- Resource Type:
LB9. Randomized, Multi-Center Phase 3 Trial of Pafolacianine during Intraoperative Molecular Imaging of Cancer in the Lung: Results of the ELUCIDATE Trial
May 17, 2022
Kazuhiro Yasufuku , Invited Discussant , Toronto General Hospital
Sunil Singhal , Abstract Presenter , Hospital of the University of Pennsylvania
102nd Annual Meeting, Boston, MA, USA
Hynes Convention Center, Room 311
Objective: To confirm the efficacy of Intraoperative Molecular Imaging (IMI) utilizing a targeted optical imaging agent (pafolacianine) to visually localize lung nodules, identify occult tumors and assess specimen tumor margins during a standard pulmonary resection.
Methods: Patients with suspected or biopsy-confirmed cancer in the lung scheduled for sublobar resection were administered a single intravenous infusion of pafolacianine (0.025 mg/kg), 1-24 hours prior to surgery. Intraoperatively, the patients underwent a white light evaluation, and, then, were randomly assigned to IMI or not (10:1). The primary study endpoint was the proportion of patients with a clinically significant event (CSE) which was defined as an unexpected event attributed to IMI with pafolacianine detecting cancer that would have been otherwise missed by standard surgical practice. Study CSEs were counted in three possibilities: IMI with pafolacianine (i) localized the index lung nodule that could not be located by white light, (ii) identified a synchronous malignant lesion, or (iii) identified a close surgical margin (<= 10mm).
Results: 112 patients were confirmed as eligible and administered pafolacianine. Of those receiving study drug, 111/112 proceeded to surgery and randomization; 1 patient withdrew consent prior to surgery. 100 patients were randomized to white light and IMI; 11 patients were assigned to white light only. Of the 100 patients randomized to IMI with pafolacianine, 54 patients (54%, 95% CI 43.7 – 64.0, p < 0.0001) had one or more CSEs. IMI with pafolacianine located the index lesion in 19 patients (19%, 95% CI 11.8 – 28.1) whose tumor could not be seen by white light. Also, IMI with pafolacianine identified occult synchronous malignant lesions in 9 patients (9%, 95% CI 4.2 – 16.4). Most (73%) IMI-identified synchronous malignant lesions were outside the planned field of resection. IMI with pafolacianine found 38 patients with close margins <=10 mm (38%, 95% CI 28.5 – 48.3). The investigators indicated a change in scope in the surgical procedure based on IMI with pafolacianine for 29% (22% increase, 7% decrease) of the patients. In the group randomized to IMI pafolacianine, there were 8/78 (10%) NSCLC patients whose stage was changed due to the CSE. No drug-related serious adverse events occurred. Pafolacianine infusion reactions, characterized primarily by mild gastrointestinal complaints, were seen in 19/112 (17%), of which 11 (10%) resulted in interruption of the infusion with eventual completion (6) or discontinuation (5).
Conclusions: Pafolacianine represents a first-in-class targeted imaging agent to aid the surgeon during surgery to visualize otherwise undetected cancers in the lung. In this trial, CSEs attributed to pafolacianine IMI occurred in more than 50% of patients undergoing surgery for pulmonary nodules. These findings suggest the use of IMI with pafolacianine may be a significant potential advancement to use during standard-of-care lung cancer surgery.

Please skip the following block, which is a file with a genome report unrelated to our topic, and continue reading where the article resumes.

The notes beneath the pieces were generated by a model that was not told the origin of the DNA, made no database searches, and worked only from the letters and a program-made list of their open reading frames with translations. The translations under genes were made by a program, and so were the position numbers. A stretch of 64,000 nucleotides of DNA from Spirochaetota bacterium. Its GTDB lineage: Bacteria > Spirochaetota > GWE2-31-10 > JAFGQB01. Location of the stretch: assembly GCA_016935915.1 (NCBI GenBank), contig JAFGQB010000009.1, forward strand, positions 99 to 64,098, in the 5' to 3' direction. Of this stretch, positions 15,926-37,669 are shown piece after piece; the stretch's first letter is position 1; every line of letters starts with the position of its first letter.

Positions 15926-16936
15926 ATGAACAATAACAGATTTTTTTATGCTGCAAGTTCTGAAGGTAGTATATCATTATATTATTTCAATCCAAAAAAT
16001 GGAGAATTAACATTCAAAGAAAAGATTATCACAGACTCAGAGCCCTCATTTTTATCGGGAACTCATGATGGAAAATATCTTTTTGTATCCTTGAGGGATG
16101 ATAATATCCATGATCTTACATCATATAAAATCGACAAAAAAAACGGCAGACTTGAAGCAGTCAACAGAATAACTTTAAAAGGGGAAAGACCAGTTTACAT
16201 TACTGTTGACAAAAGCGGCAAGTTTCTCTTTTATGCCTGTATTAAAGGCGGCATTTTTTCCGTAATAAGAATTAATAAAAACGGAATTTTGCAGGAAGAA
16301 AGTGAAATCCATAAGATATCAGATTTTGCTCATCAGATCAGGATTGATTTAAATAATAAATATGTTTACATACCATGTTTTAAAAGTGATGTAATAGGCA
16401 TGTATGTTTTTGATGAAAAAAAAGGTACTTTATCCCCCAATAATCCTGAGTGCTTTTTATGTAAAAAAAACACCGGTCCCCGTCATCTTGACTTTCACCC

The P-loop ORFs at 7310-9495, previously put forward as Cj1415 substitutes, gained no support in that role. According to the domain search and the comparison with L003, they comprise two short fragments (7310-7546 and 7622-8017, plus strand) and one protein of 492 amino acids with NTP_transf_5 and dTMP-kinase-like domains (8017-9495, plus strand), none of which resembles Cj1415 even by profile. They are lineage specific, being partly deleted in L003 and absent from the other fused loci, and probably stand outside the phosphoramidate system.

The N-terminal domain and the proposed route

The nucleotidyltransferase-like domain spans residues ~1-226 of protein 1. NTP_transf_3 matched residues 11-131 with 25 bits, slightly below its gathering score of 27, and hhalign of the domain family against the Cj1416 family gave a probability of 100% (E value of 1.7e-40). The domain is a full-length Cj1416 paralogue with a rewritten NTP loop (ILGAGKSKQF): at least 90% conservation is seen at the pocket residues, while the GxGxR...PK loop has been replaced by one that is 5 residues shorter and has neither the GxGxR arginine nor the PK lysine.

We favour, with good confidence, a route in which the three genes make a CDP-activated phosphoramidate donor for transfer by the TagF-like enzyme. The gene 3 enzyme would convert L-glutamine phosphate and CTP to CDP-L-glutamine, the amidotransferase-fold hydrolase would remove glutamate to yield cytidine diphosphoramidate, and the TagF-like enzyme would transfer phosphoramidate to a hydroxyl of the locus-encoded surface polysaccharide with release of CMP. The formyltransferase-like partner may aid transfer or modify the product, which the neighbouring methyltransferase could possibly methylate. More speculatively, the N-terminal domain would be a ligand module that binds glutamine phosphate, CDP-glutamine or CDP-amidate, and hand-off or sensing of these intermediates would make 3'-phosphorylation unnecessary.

(Funded by On Target Laboratories, ClinicalTrials.gov number NCT04241315)
Sunil Singhal (1), Linda Martin (2), David Rice (3), Shanda Blackmon (4), Sudish Murthy (5), Sidhu Gangadharan (6), Rishindra Reddy (7), Inderpal Sarkaria (8), (1) Hospital of the University of Pennsylvania, Philadelphia, PA, (2) University of Virginia Health System, Charlottesville, VA, (3) N/A, Houston, TX, (4) Mayo Clinic, Rochester, MN, (5) Cleveland Clinic, Cleveland, OH, (6) Beth Israel Deaconess Medical Center, Boston, MA, (7) University of Michigan Medical Center, Ann Arbor, MI, (8) University of Pittsburgh Medical Center, Pittsburgh, PA
Dr. Kazuhiro Yasufuku is an internationally known Thoracic Surgeon with specific expertise in minimally invasive thoracic surgery and minimally invasive diagnostic procedures. He is the Head of the Division of Thoracic Surgery at the Toronto General Hospital, University Health Network. He is also Professor and Chair of the Division of Thoracic Surgery at University of Toronto. He holds the RFG Pearson – RJ Ginsberg Chair in Thoracic Surgery and William Coco Chair in Surgical Innovation for Lung Cancer. He serves as Director of Endoscopy and Director of the Interventional Thoracic Surgery Program at the University Health Network.
Dr. Yasufuku has been a leader in the field of minimally invasive diagnostics and therapeutics for thoracic malignancy. He co-developed the Convex Probe Endobronchial Ultrasound in collaboration with Olympus and has successfully introduced the clinical application of EBUS-TBNA in Thoracic Oncology. His clinical interests include minimally invasive diagnostic and surgery for thoracic oncology and lung transplantation. He leads the Thoracic Robotic Surgery Program and GTx Program at the University Health Network.
Sunil Singhal MD is the William Maul Measey Professor in the Department of Surgery at the University of Pennsylvania Perelman School of Medicine, Chief of the Division of Thoracic Surgery, and the Vice Chair for Translational Research for the Department of Surgery.